Local councillors are hopeful funding from Stormont for a multi million pound sports and leisure project in Dungiven will receive the green light this month, writes Sheena Jackson.
Details about the project are expected to be raised at a meeting of Causeway Coast and Glens Borough Council tonight, in committee.
In the pipeline for a number of years, the project began with the former Limavady Borough Council.
The initial estimated cost in the region of £7 million, including a pledge of £2.5 million funding from the Department of Culture, Arts and Leisure (DCAL).
However, the project has been scaled back under the new Causeway Coast and Glens Borough Council, with plans to locate facilities on a ‘single-site’ development at the Council’s Curragh Road, with provision including a main hall, smaller halls, gym plus 3G facility, costing in excess of £2.5 million.
A business case has been submitted and Causeway Council officials are “waiting for the letter of offer of the money from the Department of Culture, Arts and Leisure upon receipt of which Council will consider the project moving forward”.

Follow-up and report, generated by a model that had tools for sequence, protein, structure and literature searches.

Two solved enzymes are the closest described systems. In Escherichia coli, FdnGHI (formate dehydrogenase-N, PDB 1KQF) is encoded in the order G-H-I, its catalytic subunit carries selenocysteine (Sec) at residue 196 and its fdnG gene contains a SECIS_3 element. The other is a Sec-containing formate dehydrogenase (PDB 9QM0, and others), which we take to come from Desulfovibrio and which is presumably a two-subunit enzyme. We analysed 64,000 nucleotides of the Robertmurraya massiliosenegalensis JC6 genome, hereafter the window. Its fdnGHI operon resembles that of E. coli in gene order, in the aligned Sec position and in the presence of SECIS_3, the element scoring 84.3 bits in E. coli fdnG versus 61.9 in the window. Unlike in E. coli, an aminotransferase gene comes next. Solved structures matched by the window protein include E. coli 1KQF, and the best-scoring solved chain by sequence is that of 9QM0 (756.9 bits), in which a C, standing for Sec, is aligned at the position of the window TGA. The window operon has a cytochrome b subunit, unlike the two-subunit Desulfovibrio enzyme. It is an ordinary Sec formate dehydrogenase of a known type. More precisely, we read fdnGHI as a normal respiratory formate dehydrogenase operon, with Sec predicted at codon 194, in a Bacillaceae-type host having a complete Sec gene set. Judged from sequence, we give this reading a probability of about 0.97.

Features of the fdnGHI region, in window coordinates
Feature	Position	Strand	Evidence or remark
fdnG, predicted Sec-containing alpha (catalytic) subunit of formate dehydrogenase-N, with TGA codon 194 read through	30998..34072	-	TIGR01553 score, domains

Sinn Fein councillor, Sean McGlinchey, is hopeful the project will move ahead.
Colr. McGlinchey said the current sports facility in Dungiven has served the community well for a number of years, but he said the Sports Pavilion on Chapel Road was no longer fit-for-purpose.
“When you look at the Sports pavilion, new facilities are badly needed to bring it up to standard and make it accessible for wheelchair users. You’re looking at somewhere in the region of £800,000 to carry out repairs and maintenance required to keep it open,” said Colr. McGlinchey.
“It’s important to say this project, hopefully that will move forward soon, will be for everybody in Dungiven and surrounding areas like Burnfoot. It’s for the whole area.”
At a meeting about the project on June 8th, representatives from St. Patrick’s Camogie Club and from St. Canice’s Ladies GFC said they currently have nowhere permanent to train, which they said was “discouraging” for players and felt “like we’re always on the beg”.
Some residents at the meeting expressed concerns about noise pollution, traffic, the impact of floodlights, and opening hours of the single-site facility and how close fencing would be to their homes.